Byline: Poker player and The Spartan Poker pro Sangeeth 'Samoh' Mohan on making that shift from tournaments to cash games
Transitioning from tournaments to cash games is an onerous affair for many players. What adds to the herculean task is that the chips used in cash games have real cash value and in tournaments not so much. Majority of the tournament players just remain tournament pros because of the fear of being able to adjust to deeper stacks. In most tournaments even when you run deep you are most likely manoeuvring a 30-40 BB stack and in cash game you are 100-200 BB deep more often than not, irrespective of how long a session you played.
If you are a tournament player who is looking to transition to cash my advice would be to find a good mental coach. You can be a very good deep stack player with great understanding of the game but mental game plays a much bigger role in cash games than in tournaments. Let me explain. In a tournament you are programmed to play auto play spots in a certain way and variance is something you understand. For example if you lose AK to QQ for a 60 BB pot, when you had a 50 BB stack you are still left with 20 bigs and you know exactly how to play that stack to perfection. In fact 15-20 BB stacks might just be your biggest strength. In a cash game it is very easy for people to get into the recovery mode once you have lost a big pot and instantly shift to B and C game in the process. The detachment you can make from play chips to real money will eventually be your biggest strength in a cash game.
Strategically and technical game wise cash game and tournaments are like water and ice. It is the same game but different. One decipherable situation would be spots in tournaments where you are always trying to get it in, however in cash games bet folding is one of the most powerful weapons in your arsenal. I think that there is not much room for this to be used in a tournament because you lose too many chips every time you bet fold and you cannot reload, unlike a cash game.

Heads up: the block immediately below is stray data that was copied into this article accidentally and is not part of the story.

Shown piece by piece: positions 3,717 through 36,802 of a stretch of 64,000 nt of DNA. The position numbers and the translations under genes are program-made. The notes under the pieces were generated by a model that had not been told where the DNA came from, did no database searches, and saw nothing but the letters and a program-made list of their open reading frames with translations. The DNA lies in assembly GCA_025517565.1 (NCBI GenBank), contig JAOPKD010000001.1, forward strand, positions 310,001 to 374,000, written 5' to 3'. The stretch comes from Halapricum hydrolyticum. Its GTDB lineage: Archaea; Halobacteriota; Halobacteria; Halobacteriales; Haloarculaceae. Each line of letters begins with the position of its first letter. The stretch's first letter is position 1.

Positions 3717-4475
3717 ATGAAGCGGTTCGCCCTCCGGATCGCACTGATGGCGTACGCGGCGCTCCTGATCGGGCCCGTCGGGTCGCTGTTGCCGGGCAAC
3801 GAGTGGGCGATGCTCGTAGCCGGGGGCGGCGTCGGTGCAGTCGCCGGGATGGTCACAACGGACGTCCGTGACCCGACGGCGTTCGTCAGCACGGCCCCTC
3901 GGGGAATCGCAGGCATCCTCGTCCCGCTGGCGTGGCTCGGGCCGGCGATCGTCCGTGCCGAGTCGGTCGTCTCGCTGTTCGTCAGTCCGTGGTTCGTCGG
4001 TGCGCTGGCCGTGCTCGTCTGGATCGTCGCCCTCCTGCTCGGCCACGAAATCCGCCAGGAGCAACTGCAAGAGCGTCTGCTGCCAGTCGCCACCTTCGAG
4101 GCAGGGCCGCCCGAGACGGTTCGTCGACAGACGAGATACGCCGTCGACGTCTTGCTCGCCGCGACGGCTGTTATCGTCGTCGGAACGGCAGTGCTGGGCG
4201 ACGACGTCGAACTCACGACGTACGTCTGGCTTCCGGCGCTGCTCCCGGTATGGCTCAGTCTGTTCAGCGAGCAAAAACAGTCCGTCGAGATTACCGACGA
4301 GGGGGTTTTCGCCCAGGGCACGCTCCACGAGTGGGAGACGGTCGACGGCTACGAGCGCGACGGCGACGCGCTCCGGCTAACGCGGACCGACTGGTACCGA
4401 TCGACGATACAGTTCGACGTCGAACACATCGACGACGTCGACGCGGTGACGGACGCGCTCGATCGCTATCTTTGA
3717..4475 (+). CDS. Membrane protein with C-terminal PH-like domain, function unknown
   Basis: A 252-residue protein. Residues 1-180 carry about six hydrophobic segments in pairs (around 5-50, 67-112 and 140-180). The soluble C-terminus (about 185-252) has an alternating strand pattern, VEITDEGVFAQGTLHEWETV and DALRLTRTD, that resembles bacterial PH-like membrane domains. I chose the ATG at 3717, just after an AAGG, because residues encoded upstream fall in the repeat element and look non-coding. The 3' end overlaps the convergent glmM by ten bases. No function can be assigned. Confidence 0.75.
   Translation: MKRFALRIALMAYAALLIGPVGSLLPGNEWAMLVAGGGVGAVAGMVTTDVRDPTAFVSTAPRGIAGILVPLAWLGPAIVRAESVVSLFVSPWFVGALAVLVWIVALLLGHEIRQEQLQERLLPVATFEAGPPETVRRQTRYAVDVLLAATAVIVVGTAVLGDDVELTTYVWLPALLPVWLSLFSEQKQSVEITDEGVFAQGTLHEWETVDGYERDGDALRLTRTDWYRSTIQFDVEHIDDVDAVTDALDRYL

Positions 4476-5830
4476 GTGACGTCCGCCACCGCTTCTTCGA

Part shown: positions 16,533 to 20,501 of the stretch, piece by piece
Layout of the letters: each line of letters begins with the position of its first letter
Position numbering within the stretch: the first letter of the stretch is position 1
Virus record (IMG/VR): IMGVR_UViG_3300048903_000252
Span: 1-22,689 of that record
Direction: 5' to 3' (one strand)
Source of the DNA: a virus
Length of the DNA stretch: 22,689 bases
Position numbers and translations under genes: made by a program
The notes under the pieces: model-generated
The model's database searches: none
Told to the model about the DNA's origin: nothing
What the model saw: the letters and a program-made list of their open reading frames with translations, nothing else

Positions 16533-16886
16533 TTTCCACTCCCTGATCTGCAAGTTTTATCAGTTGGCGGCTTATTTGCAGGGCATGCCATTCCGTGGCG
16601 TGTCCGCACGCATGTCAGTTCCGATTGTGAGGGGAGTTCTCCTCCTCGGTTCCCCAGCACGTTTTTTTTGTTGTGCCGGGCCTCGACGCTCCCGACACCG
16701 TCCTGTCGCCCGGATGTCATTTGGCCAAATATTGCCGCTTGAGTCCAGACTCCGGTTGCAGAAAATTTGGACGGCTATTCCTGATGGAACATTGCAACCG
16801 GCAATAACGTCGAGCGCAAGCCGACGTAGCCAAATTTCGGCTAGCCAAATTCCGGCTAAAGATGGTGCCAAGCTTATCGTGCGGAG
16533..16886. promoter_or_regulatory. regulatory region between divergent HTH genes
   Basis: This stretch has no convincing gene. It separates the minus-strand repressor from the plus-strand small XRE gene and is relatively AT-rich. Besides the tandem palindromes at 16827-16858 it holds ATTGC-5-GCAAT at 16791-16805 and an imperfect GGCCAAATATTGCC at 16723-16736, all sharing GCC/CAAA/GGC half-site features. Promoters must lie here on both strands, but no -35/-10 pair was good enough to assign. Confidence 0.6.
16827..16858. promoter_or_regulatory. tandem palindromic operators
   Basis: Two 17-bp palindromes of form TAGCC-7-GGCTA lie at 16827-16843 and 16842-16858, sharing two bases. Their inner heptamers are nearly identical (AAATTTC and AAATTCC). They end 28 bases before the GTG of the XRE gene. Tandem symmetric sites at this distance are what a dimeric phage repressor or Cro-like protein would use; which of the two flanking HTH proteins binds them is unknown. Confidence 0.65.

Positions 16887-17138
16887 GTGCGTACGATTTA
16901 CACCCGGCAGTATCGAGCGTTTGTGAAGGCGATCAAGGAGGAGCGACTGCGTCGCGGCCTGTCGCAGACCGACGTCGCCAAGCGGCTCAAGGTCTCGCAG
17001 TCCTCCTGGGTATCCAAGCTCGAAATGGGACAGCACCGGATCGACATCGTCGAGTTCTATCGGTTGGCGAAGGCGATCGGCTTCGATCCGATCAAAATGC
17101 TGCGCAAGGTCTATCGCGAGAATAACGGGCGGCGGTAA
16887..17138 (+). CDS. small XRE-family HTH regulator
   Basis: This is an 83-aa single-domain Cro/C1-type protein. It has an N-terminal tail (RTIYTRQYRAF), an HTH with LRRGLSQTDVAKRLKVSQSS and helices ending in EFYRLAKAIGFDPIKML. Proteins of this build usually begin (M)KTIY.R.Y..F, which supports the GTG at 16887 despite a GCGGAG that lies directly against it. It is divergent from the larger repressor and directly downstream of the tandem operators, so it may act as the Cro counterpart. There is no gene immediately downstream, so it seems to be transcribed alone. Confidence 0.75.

Edge in a tournament is evened out once the stacks are shallow. However this seldom happens in cash games because stacks are almost always deep and so is your edge. This is one of the biggest reasons why cash games are considered more profitable of the two and off course the obvious one being, variance is lower in cash games.
To conclude, shifting to cash games might be great for your overall game and profitability. However it is very important to keep in mind that it comes with its own cinchers. Being an excellent tournament player doesn't automatically qualify you to be a good cash game player. There is going to be a lot of un-learning and re-learning necessary until to establish the right equilibrium.
Good luck at the tables!